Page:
Nausea and vomiting can indicate the presence of gastrointestinal disorders (GI), metabolic disorders, neurological issues, or adverse reactions to drugs or substance abuse (Arcangelo & Peterson, 2013). Although the exact medical history of HL is unknown, based on the drugs used in the patient’s treatment, it is possible to assume that the patient suffers from hypertension, chest pain, breathing disorders, ulcerative colitis, or hormonal imbalances (Cerner Multum [CM], 2012; CM 2013a; CM 2013b).
Because diarrhea occurs simultaneously with vomiting and nausea, my diagnosis would be viral gastroenteritis, which should resolve spontaneously within five days (Arcangelo & Peterson, 2013). Medication related side-effects should also be considered when planning further treatment because the doses of current prescriptions might need adjustments. In both cases, the goal of drug therapy is to alleviate the symptoms and minimize the risks for complications of nausea, vomiting, and diarrhea (Arcangelo & Peterson, 2013).
The drug treatment plan needs to be changed because of the patient’s history and current condition. With a history of drug abuse and possible cirrhosis, nifedipine and prednisone may be harmful to the patient (CM 2012; CM 2013a). Both drugs are also associated with several side-effects, including nausea, vomiting, and diarrhea, which means they could be responsible for the patient’s symptoms, so the doses should be reduced after the patient’s assessment.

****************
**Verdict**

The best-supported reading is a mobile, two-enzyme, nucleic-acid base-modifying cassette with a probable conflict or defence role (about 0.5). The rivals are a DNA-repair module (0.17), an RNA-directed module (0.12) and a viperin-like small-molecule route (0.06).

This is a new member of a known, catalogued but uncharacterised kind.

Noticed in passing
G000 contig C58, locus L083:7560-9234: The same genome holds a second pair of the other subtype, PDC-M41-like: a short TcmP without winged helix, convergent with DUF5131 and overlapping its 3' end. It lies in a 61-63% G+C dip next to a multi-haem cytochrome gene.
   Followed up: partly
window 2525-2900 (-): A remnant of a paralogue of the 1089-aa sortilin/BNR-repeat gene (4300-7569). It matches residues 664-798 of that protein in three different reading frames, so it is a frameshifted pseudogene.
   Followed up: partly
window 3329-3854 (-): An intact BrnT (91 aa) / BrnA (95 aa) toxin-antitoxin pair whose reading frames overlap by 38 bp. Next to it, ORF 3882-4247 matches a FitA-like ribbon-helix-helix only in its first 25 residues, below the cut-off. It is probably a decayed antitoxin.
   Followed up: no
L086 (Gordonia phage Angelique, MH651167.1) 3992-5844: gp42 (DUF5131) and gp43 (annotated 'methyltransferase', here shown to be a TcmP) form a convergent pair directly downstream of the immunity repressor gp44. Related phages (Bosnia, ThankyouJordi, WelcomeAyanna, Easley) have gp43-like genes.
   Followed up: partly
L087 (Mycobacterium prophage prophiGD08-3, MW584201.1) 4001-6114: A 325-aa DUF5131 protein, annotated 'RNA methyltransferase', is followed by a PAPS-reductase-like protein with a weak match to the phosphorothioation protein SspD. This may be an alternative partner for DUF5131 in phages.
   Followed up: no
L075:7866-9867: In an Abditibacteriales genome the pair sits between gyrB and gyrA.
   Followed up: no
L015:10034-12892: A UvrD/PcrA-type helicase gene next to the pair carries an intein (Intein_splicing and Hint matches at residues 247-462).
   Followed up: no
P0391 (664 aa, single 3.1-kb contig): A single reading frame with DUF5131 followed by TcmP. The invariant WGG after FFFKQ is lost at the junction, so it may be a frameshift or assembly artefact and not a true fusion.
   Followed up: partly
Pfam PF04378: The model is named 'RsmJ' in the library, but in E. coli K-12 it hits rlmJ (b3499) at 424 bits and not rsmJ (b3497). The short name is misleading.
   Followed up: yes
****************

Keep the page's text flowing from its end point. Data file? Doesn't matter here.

The best drugs for regulating nausea and vomiting in this case are antacids because prescription drugs commonly used for pharmacotherapy may cause several adverse events. For example, because the patient has predispositions to substance addiction and hepatic failure, lorazepam and cannabinoids should be avoided in this treatment (Arcangelo & Peterson, 2013).
In treating diarrhea, the best plan would be to skip the first line of therapy because antimotility agents may prolong symptoms by preventing the excretion of organisms responsible for viral gastroenteritis, and central nervous toxicity can also occur in patients with hepatic dysfunctions (Arcangelo & Peterson, 2013). Therefore, antisecretory agents used in second-line therapy, such as bismuth subsalicylate, are a better choice for regulating diarrhea.
Arcangelo, V. P., & Peterson, A. M. (Eds.). (2013). Pharmacotherapeutics for advanced practice: A practical approach (3rd ed.). Ambler, PA: Lippincott Williams & Wilkins.
Cerner Multum. (2012). Nifedipine. Retrieved from http://www.drugs.com/nifedipine.html
Cerner Multum. (2013a). Prednisone. Retrieved from http://www.drugs.com/prednisone.html
Cerner Multum. (2013b). Synthroid. Retrieved from http://www.drugs.com/synthroid.html